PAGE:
Green: When we see green, our minds are automatically drawn to two dissimilar things: nature and wealth. But both have meanings connected to abundance. Green can also represent an entire spectrum of emotions depending on the hue — from balance and harmony to envy and disgust.
Blue: Blue is usually a calming color that also exudes trustworthiness and reliability, which is why it’s frequently used in banking and mental health apps. However, darker blues can feel distant and aloof.
Purple: Exotic and mysterious, purple is a color that’s rarely found in nature. Even its origins feel manmade. To produce the color purple in the ancient world, dyemakers had to manually extract the hue from snail shells. This made the color incredibly expensive and only the wealthy could afford it, which is why it’s often tied to royalty and luxury.
Putting together your brand palette is more than just picking pretty colors. There are a handful of color theories the Big Human design team uses to help our clients find the brand palette that’s right for them, but some preliminary research is required to make sure your color palette aligns with your brand.
Take a look at your competition
If you want to differentiate yourself from similar products or services, you first need to check out other players in the game. Conducting a competitive analysis helps brands understand the biggest contenders in their industry and how they can effectively stand out in a crowded landscape.
Pull insights from your brand personality
A brand without a solid personality will have a hard time outfoxing the competition, let alone making it to the finish line. A brand personality shapes the way your audience sees your product, service, or mission. Giving your company a distinct voice with real life characteristics (Is your brand fun and quirky? Or is it thoughtful and earnest?) will guide you in finding the right colors to match those characteristics.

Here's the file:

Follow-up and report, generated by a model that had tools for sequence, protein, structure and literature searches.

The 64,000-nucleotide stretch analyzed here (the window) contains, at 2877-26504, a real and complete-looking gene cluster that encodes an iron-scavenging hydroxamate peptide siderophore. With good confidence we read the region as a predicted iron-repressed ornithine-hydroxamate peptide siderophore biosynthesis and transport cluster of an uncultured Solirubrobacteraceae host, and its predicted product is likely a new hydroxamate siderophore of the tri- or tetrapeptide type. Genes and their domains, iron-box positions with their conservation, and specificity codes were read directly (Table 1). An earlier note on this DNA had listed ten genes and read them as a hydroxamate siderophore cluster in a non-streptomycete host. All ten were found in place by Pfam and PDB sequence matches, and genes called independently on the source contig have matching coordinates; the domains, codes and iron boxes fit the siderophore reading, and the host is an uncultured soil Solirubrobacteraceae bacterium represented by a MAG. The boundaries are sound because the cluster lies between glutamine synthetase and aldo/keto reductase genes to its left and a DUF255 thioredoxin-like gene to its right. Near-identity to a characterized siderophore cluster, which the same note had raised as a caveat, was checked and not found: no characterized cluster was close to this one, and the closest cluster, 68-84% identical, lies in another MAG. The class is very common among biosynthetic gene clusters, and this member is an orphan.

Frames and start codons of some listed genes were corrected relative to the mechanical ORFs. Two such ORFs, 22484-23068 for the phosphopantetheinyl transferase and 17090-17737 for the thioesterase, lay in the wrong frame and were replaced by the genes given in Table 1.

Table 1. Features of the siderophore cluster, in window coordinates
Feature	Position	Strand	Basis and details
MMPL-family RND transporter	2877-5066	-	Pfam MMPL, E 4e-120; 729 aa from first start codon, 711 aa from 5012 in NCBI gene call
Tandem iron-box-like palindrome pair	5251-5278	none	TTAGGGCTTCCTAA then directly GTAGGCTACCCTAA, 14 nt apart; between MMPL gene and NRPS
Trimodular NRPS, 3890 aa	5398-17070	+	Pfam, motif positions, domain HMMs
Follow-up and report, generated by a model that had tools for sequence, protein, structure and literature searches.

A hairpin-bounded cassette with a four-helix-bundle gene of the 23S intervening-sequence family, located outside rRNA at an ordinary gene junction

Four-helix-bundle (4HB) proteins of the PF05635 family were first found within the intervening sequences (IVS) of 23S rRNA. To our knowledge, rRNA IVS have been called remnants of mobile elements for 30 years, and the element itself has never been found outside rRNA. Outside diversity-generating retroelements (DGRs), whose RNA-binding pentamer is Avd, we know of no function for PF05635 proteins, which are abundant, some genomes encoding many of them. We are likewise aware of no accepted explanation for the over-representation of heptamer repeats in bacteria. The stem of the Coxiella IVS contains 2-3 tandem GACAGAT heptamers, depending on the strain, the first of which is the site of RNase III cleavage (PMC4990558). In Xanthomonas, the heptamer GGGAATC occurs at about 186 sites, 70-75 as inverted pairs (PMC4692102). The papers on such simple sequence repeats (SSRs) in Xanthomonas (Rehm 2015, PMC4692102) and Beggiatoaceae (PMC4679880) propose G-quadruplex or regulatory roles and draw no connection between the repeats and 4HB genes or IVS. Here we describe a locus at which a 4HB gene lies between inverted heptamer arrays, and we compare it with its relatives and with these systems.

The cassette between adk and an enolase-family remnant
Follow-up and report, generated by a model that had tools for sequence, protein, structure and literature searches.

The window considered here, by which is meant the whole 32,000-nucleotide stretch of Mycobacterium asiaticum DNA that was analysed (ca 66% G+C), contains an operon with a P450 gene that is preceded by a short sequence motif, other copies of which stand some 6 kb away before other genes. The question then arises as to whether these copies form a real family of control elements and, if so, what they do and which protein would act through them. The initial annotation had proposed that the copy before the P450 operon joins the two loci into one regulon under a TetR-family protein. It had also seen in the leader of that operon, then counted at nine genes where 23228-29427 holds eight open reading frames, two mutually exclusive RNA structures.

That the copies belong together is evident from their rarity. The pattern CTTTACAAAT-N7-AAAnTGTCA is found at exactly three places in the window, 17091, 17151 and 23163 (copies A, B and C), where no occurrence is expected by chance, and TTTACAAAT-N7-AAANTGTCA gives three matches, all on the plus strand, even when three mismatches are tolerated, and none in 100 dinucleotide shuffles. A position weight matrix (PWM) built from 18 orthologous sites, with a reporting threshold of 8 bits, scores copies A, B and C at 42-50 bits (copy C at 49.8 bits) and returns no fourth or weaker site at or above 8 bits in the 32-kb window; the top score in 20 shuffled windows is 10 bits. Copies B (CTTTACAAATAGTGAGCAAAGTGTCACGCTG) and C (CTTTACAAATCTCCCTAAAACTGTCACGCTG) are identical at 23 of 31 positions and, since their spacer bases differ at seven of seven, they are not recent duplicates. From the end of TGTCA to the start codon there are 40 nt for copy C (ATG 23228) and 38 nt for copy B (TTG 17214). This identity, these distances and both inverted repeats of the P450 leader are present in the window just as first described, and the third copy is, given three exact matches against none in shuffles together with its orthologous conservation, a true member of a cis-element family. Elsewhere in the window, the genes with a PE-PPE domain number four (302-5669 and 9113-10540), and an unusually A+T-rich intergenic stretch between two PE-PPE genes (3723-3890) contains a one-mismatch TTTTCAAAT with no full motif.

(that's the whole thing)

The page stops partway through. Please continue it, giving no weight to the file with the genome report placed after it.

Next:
Technically speaking, there are an infinite number of colors and color combinations that can be put together for every brand. Your color palette should be flexible and extend to every touchpoint across your brand — from the logo to iconography.
To help you streamline the process, here’s the general framework Big Human uses when putting together color palettes for our clients.
Primary color palette
The primary or main color palette serves as your brand’s foundation. It’s the first series of colors consumers will see across your products, services, communications, and messaging. Its consistent usage will set the tone for all visual cues for your brand.
Secondary color palette
There’s more creative flexibility in a secondary color palette. It’s designed to complement the primary color palette, acting as added interest to all visual elements. These colors can be used in illustrations, iconography, typography, and even photos and images.
Neutral color palette
Sometimes a color palette needs balance. This is where you can introduce warmer tones to offset cooler ones and vice versa. The neutral color palette is made to break up long blocks of content or establish a visual hierarchy.
Utility color palette
The utility color palette isn’t a main part of your brand’s colors. Rather, they help signify basic functions or errors in your product. For example, you may not have chosen green as one of your main colors, but it can indicate users performed an action successfully within your product or service.
With so many factors to consider, it can be a little daunting to piece together a strong color palette that matches your brand’s identity. If you need an expert’s input, send us a message.